“I’m here for one guy, one reason, Dime,” Zakk Wylde told Billboard when asked what brought him out to Hollywood’s Lucky Strike Bowling to take part in Friday’s “Dimebash,” a tribute to late Pantera guitarist “Dimebag” Darrell Abbott.
“Everybody here knew Dime in one capacity or another and everybody that’s upstairs he touched.”
Abbott was murdered on stage at an Ohio concert on Dec. 8, 2004. The guitarist’s legacy brought out a wide range of metal and rock heroes, led by Foo Fighters frontman Dave Grohl, Philip Anselmo (Abbott’s bandmate in Pantera), Metallica bassist Robert Trullijo, Slayer’s Dave Lombardo, Machine Head and more for an all-star jam.
A standout of the evening was Grohl, Anselmo, Trujillo and Lombardo paying tribute to another fallen metal icon, Motorhead‘s Lemmy Kilmister, with “Ace of Spades.” Watch the performance below.
The evening also included combinations like Anselmo and Pantera’s Rex Brown reuniting on the rock band’s “Walk,” with Grohl filling in for Alice in Chains’ Jerry Cantrell, who was scheduled to attend but was in the emergency room for reasons unknown. Machine Head’s Robb Flynn filled in on vocals.
Friday night played like a greatest hits of metal karaoke, with UFO’s “Lights Out” and songs from Iron Maiden, and many more being rocked on stage by combinations of rock acts. But the big-name star power didn’t really come out until almost 1 a.m. as the show ran almost an hour behind schedule.
Still, no one complained as the concert was also for a great cause. In addition to paying tribute to Abbott, the event benefited the Ronnie James Dio Stand Up And Shout Cancer Fund. Given the intriguing combinations of vocalist and guitarists on display we wondered, What one song would the musicians in the building have liked to have seen Dio and Abbott combine forces on?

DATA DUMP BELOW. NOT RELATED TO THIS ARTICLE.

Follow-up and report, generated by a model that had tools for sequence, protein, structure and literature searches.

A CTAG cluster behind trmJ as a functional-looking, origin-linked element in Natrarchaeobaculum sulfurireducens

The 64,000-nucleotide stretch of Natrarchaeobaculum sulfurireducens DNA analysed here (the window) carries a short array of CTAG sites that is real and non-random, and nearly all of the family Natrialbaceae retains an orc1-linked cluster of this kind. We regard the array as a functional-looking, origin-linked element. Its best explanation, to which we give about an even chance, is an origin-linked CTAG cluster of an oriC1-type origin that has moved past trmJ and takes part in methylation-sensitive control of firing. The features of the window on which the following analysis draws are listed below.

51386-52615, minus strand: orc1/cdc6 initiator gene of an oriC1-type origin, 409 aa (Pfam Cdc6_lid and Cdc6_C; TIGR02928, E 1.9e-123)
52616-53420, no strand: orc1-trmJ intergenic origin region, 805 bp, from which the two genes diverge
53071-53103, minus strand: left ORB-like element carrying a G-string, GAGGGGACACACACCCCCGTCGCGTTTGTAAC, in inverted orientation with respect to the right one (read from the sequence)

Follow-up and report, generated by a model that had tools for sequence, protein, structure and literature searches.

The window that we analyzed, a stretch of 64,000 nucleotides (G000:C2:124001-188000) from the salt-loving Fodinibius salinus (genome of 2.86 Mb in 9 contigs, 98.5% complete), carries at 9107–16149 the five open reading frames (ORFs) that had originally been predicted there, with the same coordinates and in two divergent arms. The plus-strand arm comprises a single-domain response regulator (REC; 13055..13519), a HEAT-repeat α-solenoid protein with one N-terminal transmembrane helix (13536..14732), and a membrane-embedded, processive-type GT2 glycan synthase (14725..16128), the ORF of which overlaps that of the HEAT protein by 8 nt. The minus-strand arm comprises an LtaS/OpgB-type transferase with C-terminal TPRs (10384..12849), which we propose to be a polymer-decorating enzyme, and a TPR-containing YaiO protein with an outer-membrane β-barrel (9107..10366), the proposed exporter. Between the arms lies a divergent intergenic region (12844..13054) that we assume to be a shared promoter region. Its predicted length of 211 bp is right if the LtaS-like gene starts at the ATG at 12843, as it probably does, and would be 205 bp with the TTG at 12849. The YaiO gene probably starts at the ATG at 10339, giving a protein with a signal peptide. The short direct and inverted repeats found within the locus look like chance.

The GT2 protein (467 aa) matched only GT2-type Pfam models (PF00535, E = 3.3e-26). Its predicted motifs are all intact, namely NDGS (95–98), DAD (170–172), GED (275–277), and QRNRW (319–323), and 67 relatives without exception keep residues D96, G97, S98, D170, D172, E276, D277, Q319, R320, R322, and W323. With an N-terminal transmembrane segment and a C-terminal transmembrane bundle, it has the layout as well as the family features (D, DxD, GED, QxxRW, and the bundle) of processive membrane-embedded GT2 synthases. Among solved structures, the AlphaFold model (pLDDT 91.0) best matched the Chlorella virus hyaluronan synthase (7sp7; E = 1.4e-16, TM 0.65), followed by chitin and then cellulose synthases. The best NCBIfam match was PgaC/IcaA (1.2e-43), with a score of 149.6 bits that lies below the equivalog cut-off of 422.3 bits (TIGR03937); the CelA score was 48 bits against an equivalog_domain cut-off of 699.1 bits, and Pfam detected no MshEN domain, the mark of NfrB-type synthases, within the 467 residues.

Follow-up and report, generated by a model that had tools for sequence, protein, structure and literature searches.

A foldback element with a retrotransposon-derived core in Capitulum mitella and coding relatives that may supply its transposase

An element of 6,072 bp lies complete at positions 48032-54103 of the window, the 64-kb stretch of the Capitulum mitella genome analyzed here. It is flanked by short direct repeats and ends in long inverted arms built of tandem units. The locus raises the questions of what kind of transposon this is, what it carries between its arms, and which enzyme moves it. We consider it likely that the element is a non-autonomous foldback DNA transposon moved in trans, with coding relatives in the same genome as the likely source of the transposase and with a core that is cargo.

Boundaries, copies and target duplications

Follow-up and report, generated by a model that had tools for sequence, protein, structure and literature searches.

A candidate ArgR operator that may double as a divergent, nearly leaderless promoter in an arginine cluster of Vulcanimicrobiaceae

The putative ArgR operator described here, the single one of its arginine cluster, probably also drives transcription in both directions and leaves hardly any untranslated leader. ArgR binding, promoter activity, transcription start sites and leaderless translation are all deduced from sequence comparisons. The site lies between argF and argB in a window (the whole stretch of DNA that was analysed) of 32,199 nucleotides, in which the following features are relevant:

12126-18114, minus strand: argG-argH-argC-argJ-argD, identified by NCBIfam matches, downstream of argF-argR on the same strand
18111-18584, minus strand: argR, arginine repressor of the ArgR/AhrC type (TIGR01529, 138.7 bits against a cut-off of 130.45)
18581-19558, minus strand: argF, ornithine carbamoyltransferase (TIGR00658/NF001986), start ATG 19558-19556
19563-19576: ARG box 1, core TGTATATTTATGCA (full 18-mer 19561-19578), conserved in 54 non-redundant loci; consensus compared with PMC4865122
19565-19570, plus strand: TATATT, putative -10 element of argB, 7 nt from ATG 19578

“’Mob Rules,’” was Grohl’s choice. “I swear to this day, I don’t want to say it’s my favorite Sabbath song, but it’s up there. I’ve probably listened to ‘Mob Rules’ more than you would imagine. Ronnie singing and Dime on guitar would work for me.”
Proving great minds do indeed think alike, Trujillo randomly selected the same song. “I really loved ‘Mob Rules,’” he said. “I love the line, ‘Play with fire, burn your fingers.’ That was our line in high school. And it just takes me back to being in high school and how exciting it was to be around there and be able to experience that music.”
Being in the building revisiting Pantera songs brought back memories for both Wylde and especially Trujillo.
“Dime’s legacy is as strong as Tony Iomni in how Tony Iomni created a whole genre of music,” Wylde said, comparing Abbott to the Black Sabbath guitarist. “Pantera, extreme metal is its own genre of music, so that’s the legacy right now, aside from the technique and the blazing solos. I think it’s his writing of what Pantera is, just the brutality, but the precision.
“If it was a car it’d be a Bentley or a Mercedes, it’s just a high-end really well-made car all the other car dealers aspire to. That’s the mold that you try to create in outstanding design. So without a doubt, for me, when I look at Dime’s legacy, it’s the creativity of Tony Iomni as far as the music writing.”
For Trujillo, the recollections were much more personal as he recalled his first meeting with Dio and being on the road with Abbott in Pantera’s early days.
“The first time I met [Ronnie], I don’t remember when it was, he had a glass of wine and said, ‘Hey, Robert, how you doing?’” Trujillo recalled. “He was such a friendly, cordial human being and he was just a gentleman and such an amazing talent, very versatile. Ozzy used to play me some of the doo-wop stuff he did back when he was a lot younger and it blew my mind. Bon Scott was the same thing, he came from a lot of old classic R&B doo-wop. These guys were very well rounded and diverse and amazing human beings.”
And Trujillo knew Abbott very well. “Dimebag was always really fun, he was just a joy to be around and I was fortunate with Suicidal Tendencies. We took Pantera on their first U.S. tour and I used to tell the guys in my band, in Suicidal, ‘You gotta hear these guys. The guitar player is insane,’” he said.
“He was just this super talent and he was pretty shy. That was a great tour, every night was an adventure, it was like the wild west back then. And they really brought the life to the tour. We were crazy in our own way, they were a little bit younger and they just brought this youthful spirit that was already there, but they enhanced it and they were awesome. They were this injection of adrenaline, it was great times. It’s unfortunate sometimes we lose these gifted amazing human beings and Dimebag was definitely one of those guys.”